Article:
TBT In 2009 Gordon Ting ask us if we could build a Scion Rally car for him to be displayed at SEMA. The next year this “show” rally car would end up starting a Rally America program for 2010 as well as a second rally car to be build but this time a full functioning race car. Keep in mind, other than doing some fab work on other people’s rally cars my only on-hands experience with stage rally was sitting on the couch watching WRC. I’ve always had an appreciation for rally and on top of that it presented the most technology that related to what I was into, high horsepower four cylinders. Our first year, had us on a very tight schedule but regardless we ended up with the 2010 two-wheel drive champion, Chris Duplessis, piloting the Scion Xd into victory lane at the season finals at the New England Forest Rally. Having both Chris and his brother, Forest, helping us that year was a great learning experience with ended in podium finishes that year, this opened up the doors to yet another Scion racecar build the next year. As much as I can say the builds were a fun experience I would have to say that the whole stage rally experience was something I will always remember from the awesome people I got to work with to friendly staff, it was just something every racecar builder needs to experience. If there is one thing I can always remember it’s the hustle of having only 20-to 45 minutes to repair everything that hasn’t held up after a few stages of abuse. From swapping out transmissions, suspension components and quick rigs just to get through to the next day were things you don’t enjoy going through at the time but can now look back at how fun it was to get on the podium knowing what we had to do to get a victory. I could tell you a million stories of “I can’t believe we won and that blah blah blah rig held up!” I’ll keep it short and go to one story from Michigan’s Sno Drift Rally. At the time Andre Comrie Picard, AKA ACP, was piloting the freshly built Scion and this time it was in turbo trim. (Continued in comments)

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TBT In 2009 Gordon Ting ask us if we could build a Scion Rally car for him to be displayed at SEMA. The next year this “show” rally car would end up starting a Rally America program for 2010 as well as a second rally car to be build but this time a full functioning race car. Keep in mind, other than doing some fab work on other people’s rally cars my only on-hands experience with stage rally was sitting on the couch watching WRC. I’ve always had an appreciation for rally and on top of that it presented the most technology that related to what I was into, high horsepower four cylinders. Our first year, had us on a very tight schedule but regardless we ended up with the 2010 two-wheel drive champion, Chris Duplessis, piloting the Scion Xd into victory lane at the season finals at the New England Forest Rally. Having both Chris and his brother, Forest, helping us that year was a great learning experience with ended in podium finishes that year, this opened up the doors to yet another Scion racecar build the next year. As much as I can say the builds were a fun experience I would have to say that the whole stage rally experience was something I will always remember from the awesome people I got to work with to friendly staff, it was just something every racecar builder needs to experience. If there is one thing I can always remember it’s the hustle of having only 20-to 45 minutes to repair everything that hasn’t held up after a few stages of abuse. From swapping out transmissions, suspension components and quick rigs just to get through to the next day were things you don’t enjoy going through at the time but can now look back at how fun it was to get on the podium knowing what we had to do to get a victory. I could tell you a million stories of “I can’t believe we won and that blah blah blah rig held up!” I’ll keep it short and go to one story from Michigan’s Sno Drift Rally. At the time Andre Comrie Picard, AKA ACP, was piloting the freshly built Scion and this time it was in turbo trim. (Continued in comments)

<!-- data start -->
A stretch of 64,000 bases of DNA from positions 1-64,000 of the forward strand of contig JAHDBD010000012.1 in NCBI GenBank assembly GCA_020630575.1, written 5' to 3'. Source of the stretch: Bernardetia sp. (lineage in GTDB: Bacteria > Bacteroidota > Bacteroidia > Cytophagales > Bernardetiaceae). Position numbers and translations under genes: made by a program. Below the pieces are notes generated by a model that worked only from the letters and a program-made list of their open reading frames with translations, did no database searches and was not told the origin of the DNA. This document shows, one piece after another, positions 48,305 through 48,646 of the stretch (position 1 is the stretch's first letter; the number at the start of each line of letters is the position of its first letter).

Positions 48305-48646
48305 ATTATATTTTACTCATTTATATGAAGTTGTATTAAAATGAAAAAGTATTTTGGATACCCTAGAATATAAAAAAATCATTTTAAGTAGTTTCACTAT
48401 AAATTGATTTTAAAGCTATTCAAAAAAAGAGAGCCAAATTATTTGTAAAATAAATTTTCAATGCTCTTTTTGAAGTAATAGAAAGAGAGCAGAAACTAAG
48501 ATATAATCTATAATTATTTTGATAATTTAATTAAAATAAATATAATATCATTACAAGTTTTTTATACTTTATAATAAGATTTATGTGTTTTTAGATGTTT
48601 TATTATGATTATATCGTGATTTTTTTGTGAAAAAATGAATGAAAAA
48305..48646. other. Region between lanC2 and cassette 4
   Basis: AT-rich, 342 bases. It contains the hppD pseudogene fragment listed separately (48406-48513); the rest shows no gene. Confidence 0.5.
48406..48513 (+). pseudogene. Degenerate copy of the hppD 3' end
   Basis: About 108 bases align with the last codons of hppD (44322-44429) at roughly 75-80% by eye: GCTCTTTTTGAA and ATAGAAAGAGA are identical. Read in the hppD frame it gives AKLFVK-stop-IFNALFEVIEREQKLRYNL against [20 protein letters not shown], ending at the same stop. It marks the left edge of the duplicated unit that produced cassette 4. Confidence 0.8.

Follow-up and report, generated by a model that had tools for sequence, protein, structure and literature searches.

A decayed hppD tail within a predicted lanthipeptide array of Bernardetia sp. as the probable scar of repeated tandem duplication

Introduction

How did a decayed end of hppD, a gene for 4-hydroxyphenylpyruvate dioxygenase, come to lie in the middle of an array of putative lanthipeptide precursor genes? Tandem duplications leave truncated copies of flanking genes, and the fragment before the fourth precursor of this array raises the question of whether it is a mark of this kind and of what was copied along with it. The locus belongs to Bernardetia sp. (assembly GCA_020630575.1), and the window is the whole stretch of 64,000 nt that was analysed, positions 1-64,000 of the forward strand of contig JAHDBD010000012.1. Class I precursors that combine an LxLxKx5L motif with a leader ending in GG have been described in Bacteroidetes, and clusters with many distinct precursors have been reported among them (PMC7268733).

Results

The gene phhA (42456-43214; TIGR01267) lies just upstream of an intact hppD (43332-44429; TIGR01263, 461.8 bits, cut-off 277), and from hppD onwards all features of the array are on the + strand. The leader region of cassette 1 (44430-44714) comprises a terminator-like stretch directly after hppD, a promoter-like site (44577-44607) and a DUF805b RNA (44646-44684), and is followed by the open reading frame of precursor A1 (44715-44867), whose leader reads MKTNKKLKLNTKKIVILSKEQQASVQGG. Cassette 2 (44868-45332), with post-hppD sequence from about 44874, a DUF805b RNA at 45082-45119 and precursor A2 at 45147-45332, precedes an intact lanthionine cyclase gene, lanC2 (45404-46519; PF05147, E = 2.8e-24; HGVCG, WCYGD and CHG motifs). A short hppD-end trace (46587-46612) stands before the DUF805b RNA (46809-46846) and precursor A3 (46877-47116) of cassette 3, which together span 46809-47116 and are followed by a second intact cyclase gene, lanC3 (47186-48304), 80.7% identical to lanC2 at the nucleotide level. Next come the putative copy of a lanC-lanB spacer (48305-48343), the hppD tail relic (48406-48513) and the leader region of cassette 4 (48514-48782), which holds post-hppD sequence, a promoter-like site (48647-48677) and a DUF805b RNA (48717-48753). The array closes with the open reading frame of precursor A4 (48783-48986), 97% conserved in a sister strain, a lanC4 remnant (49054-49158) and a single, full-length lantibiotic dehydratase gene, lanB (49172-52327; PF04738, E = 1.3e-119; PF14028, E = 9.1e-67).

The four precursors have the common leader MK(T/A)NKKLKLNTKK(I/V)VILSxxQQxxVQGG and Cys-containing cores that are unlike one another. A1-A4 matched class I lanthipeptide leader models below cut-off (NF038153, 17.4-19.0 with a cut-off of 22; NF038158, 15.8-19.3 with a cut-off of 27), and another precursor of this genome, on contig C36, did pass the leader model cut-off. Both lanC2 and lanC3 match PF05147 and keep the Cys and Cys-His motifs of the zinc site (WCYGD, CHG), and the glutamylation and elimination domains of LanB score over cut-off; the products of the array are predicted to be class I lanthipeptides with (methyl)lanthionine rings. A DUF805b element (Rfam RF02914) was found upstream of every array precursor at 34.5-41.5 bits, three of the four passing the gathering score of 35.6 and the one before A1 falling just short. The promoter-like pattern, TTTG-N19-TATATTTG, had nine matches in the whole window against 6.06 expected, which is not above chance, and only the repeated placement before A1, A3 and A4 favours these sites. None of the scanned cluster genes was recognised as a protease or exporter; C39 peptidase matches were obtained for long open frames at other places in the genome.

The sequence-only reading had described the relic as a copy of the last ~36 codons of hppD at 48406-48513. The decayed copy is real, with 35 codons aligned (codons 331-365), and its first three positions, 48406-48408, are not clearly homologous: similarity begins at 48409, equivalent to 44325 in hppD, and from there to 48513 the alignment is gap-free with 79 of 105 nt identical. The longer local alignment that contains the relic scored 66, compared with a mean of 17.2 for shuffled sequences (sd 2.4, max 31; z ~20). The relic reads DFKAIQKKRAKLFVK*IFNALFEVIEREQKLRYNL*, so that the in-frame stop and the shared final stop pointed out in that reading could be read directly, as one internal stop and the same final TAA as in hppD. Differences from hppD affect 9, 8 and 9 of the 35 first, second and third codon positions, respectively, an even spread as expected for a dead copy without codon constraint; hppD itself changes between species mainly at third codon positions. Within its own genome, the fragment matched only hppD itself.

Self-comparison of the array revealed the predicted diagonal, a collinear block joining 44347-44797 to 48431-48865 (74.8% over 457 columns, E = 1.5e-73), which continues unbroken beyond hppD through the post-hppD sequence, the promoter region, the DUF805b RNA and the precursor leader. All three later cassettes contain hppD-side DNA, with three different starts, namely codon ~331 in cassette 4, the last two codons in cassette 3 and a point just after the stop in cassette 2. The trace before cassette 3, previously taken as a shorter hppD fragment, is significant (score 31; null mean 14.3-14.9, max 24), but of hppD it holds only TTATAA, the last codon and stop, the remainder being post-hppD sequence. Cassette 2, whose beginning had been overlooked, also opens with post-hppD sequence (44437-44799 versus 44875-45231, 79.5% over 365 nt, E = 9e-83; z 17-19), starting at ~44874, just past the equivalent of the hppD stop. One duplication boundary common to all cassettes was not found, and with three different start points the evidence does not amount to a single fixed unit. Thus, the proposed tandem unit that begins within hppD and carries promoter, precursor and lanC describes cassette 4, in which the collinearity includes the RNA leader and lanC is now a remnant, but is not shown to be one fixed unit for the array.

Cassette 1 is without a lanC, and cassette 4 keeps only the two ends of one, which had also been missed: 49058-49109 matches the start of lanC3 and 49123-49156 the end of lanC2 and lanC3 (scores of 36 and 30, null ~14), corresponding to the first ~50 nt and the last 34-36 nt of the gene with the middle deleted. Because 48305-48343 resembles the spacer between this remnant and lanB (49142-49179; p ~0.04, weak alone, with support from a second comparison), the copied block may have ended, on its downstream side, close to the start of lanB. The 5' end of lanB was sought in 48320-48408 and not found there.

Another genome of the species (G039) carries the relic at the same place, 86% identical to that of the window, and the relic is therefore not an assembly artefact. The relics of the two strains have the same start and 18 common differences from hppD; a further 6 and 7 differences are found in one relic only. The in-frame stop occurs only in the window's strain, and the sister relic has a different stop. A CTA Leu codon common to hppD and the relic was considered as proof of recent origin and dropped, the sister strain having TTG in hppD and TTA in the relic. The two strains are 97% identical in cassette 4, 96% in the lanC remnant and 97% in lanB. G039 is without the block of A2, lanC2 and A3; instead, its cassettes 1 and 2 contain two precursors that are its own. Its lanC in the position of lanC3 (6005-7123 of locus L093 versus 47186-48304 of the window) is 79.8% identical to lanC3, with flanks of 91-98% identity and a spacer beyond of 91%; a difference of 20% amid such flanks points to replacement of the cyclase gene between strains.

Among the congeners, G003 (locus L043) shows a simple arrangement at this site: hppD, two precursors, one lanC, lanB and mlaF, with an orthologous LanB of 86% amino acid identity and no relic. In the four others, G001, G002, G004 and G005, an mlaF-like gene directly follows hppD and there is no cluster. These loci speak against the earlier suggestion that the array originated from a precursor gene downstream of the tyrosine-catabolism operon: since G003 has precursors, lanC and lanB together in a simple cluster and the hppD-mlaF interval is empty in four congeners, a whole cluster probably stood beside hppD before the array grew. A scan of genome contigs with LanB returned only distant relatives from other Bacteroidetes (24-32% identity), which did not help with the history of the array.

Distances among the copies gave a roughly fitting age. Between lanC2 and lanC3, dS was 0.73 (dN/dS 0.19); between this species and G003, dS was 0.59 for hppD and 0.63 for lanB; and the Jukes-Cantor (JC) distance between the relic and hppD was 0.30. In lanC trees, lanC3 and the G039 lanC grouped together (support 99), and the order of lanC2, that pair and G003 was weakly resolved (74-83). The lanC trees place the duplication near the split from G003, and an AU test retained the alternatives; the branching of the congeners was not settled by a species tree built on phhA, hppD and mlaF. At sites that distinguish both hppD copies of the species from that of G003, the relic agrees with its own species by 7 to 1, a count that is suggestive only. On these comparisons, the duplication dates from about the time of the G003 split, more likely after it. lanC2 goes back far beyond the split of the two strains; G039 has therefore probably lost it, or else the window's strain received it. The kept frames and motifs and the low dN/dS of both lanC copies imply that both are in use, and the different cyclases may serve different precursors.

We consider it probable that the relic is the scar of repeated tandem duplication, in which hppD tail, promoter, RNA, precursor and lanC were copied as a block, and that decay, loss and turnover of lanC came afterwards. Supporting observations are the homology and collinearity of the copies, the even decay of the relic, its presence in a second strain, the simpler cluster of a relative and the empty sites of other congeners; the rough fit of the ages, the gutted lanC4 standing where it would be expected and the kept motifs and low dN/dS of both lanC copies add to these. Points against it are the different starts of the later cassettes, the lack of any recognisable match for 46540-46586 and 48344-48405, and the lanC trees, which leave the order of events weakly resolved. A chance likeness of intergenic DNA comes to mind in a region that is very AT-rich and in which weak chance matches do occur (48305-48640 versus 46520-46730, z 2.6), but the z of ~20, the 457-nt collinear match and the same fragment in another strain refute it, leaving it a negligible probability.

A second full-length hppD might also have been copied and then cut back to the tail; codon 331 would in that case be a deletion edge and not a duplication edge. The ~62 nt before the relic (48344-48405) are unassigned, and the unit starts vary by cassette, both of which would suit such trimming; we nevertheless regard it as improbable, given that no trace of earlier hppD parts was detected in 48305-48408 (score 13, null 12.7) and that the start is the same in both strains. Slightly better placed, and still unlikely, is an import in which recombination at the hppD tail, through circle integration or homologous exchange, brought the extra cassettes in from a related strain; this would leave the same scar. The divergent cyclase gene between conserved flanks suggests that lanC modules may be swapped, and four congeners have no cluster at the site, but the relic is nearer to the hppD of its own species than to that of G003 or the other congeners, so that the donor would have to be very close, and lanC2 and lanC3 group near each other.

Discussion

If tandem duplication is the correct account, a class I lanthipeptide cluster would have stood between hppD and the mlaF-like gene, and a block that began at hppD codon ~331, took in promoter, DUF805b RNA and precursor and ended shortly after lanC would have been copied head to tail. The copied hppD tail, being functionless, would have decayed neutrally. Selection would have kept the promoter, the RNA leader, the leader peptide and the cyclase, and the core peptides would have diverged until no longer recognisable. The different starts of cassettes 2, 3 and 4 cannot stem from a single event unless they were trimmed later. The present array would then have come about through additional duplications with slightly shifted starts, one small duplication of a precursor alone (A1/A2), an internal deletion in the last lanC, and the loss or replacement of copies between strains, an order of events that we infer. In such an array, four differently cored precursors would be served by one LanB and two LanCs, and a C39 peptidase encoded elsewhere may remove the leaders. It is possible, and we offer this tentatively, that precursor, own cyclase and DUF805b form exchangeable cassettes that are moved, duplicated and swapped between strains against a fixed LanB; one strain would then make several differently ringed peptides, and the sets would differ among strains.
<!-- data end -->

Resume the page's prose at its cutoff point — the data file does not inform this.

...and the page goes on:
1 comment

  1. designcraftfab profile image
    designcraftfab 5 May, 2016 at 18:38 Reply

    What most people don’t know is Rally America doesn’t allow studded tires on ice so low horsepower cars are very much favored for two-wheel drive class at this event. Since the xD was turbocharged Philip Chase and I attempted to stage the boost using the engine computer’s boost-by-gear feature to help lower the power in the lower gears. This usually requires using a speed sensor within the transmission which was not present in the xD. To make a long story short, I ended up taking a spare cam sensor (it basically works in the same fashion as a transmission speed sensor) welding a bracket to the rear knuckle of the car and tack welding a small piece of metal to the hub so the sensor can read how many times the piece of metal goes by for every 360 degrees of wheel revolution. Going off of engine rpm and my ghetto wheel speed sensor we could now calculate how much boot we needed for each gear. Sure enough it worked and once again as luck would have it we ended up on the podium. If there is one thing I miss about stage rally it’s the quick thinking required in the little time you have to problem solve. It’s probably where Philip gave me the nickname McGary. #designcraftfabrication #designcraft #designcraftfab #rally #rallyamerica #Scion

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